Cooling and dopamine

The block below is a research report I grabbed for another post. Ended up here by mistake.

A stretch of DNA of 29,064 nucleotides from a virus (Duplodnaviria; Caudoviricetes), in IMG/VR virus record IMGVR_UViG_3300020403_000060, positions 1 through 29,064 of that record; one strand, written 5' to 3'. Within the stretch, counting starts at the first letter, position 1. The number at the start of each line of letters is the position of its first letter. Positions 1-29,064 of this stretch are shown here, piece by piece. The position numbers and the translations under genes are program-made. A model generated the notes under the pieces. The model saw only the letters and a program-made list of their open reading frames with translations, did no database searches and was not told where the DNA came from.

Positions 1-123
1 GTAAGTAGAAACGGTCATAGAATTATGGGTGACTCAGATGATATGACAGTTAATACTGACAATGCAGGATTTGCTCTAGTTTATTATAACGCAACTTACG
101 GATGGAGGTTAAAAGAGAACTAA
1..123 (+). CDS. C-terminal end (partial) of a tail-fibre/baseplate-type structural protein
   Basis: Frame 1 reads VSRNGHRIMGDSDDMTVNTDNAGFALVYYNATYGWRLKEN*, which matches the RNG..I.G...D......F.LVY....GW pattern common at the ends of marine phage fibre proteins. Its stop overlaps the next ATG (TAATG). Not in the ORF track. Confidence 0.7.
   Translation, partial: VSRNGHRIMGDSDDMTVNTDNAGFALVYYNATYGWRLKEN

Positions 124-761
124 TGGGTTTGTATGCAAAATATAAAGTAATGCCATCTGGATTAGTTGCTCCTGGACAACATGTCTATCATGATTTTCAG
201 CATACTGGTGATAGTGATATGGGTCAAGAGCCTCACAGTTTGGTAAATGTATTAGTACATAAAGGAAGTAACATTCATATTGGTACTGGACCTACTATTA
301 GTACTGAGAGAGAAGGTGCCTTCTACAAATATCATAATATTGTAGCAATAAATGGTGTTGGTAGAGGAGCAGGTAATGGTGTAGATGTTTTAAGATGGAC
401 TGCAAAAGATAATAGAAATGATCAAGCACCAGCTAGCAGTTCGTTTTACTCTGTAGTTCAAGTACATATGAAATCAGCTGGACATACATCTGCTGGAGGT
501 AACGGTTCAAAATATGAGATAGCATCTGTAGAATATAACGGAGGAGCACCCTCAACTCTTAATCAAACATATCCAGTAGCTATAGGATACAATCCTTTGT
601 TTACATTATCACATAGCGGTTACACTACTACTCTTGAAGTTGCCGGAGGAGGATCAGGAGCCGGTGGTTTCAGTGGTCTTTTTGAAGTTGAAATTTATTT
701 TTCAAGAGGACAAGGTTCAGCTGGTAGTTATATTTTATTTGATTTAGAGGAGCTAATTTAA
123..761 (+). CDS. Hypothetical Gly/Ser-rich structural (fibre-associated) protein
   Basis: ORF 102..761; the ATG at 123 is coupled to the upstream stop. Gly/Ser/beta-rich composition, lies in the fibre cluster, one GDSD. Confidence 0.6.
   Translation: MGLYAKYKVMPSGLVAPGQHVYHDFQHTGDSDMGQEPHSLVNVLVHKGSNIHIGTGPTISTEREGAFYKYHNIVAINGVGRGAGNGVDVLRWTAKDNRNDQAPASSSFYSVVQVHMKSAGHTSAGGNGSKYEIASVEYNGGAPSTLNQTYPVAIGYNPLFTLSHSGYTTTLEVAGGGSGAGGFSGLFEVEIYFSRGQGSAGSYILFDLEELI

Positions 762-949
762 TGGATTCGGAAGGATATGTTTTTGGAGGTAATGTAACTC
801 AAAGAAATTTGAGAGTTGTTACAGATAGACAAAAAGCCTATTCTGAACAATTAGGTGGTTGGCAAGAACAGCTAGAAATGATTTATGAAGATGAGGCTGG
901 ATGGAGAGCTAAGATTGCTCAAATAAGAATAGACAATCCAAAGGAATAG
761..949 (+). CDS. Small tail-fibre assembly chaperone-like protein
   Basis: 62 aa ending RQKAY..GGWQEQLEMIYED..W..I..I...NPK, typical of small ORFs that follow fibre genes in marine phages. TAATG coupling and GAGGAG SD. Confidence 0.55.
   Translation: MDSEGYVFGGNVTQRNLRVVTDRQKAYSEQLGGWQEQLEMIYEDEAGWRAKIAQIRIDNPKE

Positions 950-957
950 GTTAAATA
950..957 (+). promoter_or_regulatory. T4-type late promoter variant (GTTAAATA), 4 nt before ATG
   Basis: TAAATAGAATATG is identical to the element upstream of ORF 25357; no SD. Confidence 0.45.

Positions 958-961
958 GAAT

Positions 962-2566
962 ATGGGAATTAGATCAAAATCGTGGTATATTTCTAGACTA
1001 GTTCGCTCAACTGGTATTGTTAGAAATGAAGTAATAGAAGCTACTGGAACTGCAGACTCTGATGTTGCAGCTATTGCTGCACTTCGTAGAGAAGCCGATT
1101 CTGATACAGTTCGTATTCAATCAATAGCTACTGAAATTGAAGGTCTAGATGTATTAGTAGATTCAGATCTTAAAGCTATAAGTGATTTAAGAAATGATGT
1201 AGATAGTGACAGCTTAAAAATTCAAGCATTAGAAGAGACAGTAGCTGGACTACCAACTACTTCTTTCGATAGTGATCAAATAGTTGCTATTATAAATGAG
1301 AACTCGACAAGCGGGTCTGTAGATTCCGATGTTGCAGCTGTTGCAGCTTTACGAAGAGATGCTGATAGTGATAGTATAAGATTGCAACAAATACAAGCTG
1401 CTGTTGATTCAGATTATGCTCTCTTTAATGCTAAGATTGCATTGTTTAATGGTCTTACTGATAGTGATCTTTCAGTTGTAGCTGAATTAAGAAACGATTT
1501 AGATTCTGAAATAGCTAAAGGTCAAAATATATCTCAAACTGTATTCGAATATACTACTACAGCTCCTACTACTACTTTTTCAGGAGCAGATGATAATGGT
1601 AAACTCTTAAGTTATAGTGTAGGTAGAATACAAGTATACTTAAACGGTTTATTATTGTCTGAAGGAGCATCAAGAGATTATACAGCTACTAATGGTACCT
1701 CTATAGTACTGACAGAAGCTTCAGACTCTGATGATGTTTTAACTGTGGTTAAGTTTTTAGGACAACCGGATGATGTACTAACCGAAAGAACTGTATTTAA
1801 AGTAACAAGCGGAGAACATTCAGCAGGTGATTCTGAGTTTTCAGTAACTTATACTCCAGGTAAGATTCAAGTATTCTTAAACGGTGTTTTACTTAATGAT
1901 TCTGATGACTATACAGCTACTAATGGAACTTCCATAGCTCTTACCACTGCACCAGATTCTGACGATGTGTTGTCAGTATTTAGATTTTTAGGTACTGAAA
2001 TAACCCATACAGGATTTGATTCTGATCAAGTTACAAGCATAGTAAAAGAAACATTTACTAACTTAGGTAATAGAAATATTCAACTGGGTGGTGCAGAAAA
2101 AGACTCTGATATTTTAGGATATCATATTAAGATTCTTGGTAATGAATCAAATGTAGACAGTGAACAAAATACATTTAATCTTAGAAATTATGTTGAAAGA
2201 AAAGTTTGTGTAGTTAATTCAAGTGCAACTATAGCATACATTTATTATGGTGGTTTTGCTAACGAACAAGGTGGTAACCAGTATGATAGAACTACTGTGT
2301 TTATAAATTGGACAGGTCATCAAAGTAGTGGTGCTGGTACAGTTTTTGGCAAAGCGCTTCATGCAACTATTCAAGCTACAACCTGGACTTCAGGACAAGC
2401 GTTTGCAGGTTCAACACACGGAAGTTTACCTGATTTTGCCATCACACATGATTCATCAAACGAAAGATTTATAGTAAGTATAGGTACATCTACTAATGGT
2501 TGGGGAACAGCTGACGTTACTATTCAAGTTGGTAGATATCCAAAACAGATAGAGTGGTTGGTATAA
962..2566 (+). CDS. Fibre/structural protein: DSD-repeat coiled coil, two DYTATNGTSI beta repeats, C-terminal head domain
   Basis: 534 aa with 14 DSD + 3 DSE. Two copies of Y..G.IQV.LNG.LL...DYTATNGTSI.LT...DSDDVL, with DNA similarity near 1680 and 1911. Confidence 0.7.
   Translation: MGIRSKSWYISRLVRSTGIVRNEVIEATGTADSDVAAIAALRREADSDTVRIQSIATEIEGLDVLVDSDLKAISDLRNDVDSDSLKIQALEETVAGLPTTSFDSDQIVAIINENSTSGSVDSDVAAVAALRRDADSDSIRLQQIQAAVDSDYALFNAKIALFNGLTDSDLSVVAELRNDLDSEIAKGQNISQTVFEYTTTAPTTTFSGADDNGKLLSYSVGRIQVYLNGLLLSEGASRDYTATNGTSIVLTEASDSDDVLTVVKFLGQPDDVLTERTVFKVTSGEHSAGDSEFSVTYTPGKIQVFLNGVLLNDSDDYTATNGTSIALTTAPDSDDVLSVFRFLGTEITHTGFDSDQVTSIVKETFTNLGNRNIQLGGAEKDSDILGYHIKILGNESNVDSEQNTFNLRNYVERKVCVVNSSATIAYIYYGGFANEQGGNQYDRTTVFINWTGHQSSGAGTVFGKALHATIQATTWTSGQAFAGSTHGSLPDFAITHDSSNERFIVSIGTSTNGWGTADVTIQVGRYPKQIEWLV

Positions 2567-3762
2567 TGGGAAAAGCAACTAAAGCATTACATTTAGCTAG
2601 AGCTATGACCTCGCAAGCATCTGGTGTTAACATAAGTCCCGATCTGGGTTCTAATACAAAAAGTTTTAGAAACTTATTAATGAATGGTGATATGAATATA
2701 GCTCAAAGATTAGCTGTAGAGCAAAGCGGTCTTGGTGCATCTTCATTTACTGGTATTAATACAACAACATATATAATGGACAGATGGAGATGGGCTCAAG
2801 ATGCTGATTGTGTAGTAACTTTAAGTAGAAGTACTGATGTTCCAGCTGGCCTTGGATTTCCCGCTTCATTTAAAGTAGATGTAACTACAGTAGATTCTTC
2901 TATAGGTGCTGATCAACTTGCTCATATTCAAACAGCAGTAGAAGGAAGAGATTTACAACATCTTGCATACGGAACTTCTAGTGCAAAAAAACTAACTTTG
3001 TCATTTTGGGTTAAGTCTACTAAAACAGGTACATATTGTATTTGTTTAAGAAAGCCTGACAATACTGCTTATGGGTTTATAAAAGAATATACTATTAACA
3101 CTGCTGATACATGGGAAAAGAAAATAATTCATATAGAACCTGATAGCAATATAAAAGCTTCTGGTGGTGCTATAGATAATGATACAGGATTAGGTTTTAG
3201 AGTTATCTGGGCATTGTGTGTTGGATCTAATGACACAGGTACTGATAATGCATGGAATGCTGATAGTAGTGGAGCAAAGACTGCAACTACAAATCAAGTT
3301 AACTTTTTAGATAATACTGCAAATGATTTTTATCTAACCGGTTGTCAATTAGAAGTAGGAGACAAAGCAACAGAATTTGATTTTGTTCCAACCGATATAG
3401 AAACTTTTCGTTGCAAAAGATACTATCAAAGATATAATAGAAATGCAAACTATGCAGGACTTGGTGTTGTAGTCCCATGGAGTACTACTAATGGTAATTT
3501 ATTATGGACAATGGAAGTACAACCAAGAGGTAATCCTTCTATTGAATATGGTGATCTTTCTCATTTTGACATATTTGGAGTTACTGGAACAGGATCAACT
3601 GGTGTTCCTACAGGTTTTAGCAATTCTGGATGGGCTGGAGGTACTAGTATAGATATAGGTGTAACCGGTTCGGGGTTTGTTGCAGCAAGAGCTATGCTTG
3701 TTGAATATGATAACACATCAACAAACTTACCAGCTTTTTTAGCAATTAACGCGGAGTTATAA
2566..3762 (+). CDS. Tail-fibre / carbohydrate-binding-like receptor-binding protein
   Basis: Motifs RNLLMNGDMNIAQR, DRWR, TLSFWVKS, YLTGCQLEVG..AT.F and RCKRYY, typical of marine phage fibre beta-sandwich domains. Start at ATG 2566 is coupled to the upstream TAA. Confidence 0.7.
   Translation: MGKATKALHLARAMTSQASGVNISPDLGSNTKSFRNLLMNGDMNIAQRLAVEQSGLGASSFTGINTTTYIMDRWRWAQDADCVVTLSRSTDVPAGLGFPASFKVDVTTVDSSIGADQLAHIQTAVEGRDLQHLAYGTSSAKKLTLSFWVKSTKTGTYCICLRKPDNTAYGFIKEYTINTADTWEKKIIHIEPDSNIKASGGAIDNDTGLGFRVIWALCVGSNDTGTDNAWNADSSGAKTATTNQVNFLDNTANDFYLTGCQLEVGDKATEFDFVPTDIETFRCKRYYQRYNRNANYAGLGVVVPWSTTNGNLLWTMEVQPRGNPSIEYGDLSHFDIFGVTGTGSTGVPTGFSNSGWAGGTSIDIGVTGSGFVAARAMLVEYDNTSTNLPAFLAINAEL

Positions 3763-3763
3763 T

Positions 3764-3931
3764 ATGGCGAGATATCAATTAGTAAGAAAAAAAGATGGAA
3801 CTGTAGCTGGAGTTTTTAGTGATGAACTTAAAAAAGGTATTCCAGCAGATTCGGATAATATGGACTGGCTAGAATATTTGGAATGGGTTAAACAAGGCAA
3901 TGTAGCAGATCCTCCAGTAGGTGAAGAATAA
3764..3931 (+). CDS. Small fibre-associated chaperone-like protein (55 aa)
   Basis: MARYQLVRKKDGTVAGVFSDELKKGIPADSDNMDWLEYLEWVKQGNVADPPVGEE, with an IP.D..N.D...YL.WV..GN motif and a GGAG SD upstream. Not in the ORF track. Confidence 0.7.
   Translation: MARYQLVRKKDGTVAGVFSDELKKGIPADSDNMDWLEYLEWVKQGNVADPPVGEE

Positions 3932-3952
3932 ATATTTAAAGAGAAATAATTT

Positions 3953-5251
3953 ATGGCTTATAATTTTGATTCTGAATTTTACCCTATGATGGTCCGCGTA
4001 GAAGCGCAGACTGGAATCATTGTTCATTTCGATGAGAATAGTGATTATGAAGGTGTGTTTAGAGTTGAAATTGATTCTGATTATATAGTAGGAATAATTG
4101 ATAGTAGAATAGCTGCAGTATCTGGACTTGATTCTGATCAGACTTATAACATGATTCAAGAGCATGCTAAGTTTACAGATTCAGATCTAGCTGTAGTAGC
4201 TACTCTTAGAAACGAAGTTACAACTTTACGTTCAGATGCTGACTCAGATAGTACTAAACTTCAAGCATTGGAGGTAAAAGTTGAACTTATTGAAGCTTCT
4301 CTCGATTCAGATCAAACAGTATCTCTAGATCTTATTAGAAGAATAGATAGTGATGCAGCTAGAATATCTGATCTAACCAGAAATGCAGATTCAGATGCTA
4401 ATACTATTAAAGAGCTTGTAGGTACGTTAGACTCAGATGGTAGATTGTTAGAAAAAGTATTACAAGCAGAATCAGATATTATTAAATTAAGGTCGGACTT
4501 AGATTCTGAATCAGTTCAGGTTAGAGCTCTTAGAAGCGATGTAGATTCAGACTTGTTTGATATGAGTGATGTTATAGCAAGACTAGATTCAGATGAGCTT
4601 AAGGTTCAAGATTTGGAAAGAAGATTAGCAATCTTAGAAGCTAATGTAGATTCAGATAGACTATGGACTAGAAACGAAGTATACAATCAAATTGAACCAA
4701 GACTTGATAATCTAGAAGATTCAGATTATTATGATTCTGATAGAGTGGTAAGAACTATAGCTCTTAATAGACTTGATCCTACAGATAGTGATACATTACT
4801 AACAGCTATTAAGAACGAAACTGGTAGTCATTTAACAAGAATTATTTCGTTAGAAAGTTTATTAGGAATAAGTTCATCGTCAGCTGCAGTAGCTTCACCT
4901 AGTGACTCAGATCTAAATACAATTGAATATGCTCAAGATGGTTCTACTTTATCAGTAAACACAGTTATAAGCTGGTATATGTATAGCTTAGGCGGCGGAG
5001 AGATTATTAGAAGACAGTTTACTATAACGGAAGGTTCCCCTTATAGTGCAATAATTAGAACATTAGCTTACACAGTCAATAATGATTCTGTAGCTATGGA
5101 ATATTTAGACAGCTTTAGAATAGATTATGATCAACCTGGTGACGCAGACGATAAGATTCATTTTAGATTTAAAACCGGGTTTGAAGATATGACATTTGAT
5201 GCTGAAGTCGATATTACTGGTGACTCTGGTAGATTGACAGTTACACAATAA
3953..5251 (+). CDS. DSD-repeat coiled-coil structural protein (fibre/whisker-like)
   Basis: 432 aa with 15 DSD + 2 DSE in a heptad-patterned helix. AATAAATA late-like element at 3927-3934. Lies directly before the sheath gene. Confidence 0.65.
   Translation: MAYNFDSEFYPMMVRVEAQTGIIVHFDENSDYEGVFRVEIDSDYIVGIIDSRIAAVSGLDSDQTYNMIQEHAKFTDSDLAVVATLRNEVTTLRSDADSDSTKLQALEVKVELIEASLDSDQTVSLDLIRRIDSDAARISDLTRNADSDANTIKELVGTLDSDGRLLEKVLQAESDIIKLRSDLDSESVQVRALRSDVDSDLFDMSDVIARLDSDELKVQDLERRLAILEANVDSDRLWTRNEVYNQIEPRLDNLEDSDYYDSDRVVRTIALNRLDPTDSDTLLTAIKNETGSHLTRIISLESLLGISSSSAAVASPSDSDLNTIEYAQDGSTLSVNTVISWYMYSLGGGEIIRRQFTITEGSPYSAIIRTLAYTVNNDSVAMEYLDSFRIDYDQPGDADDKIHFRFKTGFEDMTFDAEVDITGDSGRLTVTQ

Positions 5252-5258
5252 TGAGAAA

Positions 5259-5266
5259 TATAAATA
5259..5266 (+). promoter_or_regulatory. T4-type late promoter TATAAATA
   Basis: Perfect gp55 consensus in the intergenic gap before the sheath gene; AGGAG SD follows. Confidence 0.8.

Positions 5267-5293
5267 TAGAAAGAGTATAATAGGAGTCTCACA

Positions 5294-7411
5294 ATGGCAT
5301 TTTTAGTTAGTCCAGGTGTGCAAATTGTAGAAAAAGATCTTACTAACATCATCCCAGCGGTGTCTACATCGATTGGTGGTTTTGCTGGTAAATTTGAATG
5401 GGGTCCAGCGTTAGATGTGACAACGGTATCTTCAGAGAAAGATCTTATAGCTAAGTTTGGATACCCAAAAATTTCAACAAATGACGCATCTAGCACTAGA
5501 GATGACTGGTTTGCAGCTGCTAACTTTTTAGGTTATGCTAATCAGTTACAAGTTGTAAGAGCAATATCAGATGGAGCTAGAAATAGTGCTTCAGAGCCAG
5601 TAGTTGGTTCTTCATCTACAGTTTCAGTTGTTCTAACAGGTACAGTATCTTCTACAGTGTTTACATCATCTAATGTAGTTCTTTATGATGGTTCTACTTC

Sammanfattning: There is little knowledge about the circulatory effects of dopamine in hypothermia. Induced hypothermia has been shown to improve outcome in various settings. Hypothermia is also used for preservation of organs that are harvested for transplantation. We evaluated lungs that were topically cooled for 6 hours in non-heart-beating donor pigs by transplanting them into recipient pigs and observing these for 24 hours. Furthermore, we studied the effects of hypothermia and dopamine on myocardial action potentials and contractions in porcine myocardial muscle strips. In addition, the circulatory effects of dopamine were studied in different settings in normo- and hypothermia in anesthetized pigs. We found that lungs that were topically cooled for 6 hours in non-heart-beating donor pigs were suitable for transplantation. Cooling to 32ºC prolonged the porcine myocardial action potential and contraction duration and increased the contractile force. Dopamine prolonged the porcine myocardial action potential and increased contractile force both in normo- and hypothermia. The heart rate was increased by dopamine at both temperature levels. Dopamine either increased (studyI) or did not change the arterial pressure in normothermia, whereas it reduced or caused no change (study V) in arterial pressure in hypothermia. Dopamine increased cardiac output and oxygen delivery in normothermia as well as in hypothermia, apart from in tachcyardic hypothermic piglets, in which dopamine caused aggravation of tachycardia and presumably a too short diastolic filling time. A high dosage of dopamine increased pulmonary vascular resistance at 32ºC. It is concluded that dopamine excerts principally much the same effects at 32ºC as in normothermia. However, dopamine may compromize ventricular filling in hypothermia due to it`s chronotropic effect combined with a hypothermia-induced shortening of diastolic filling time. Dopamine may also decrease the blood pressure substantially in cases where the sympathetic nervous tonus is high, e.g. after surface cooling during light anesthesia. Pulmonary vascular resistance may also be increased by dopamine at high dosages.
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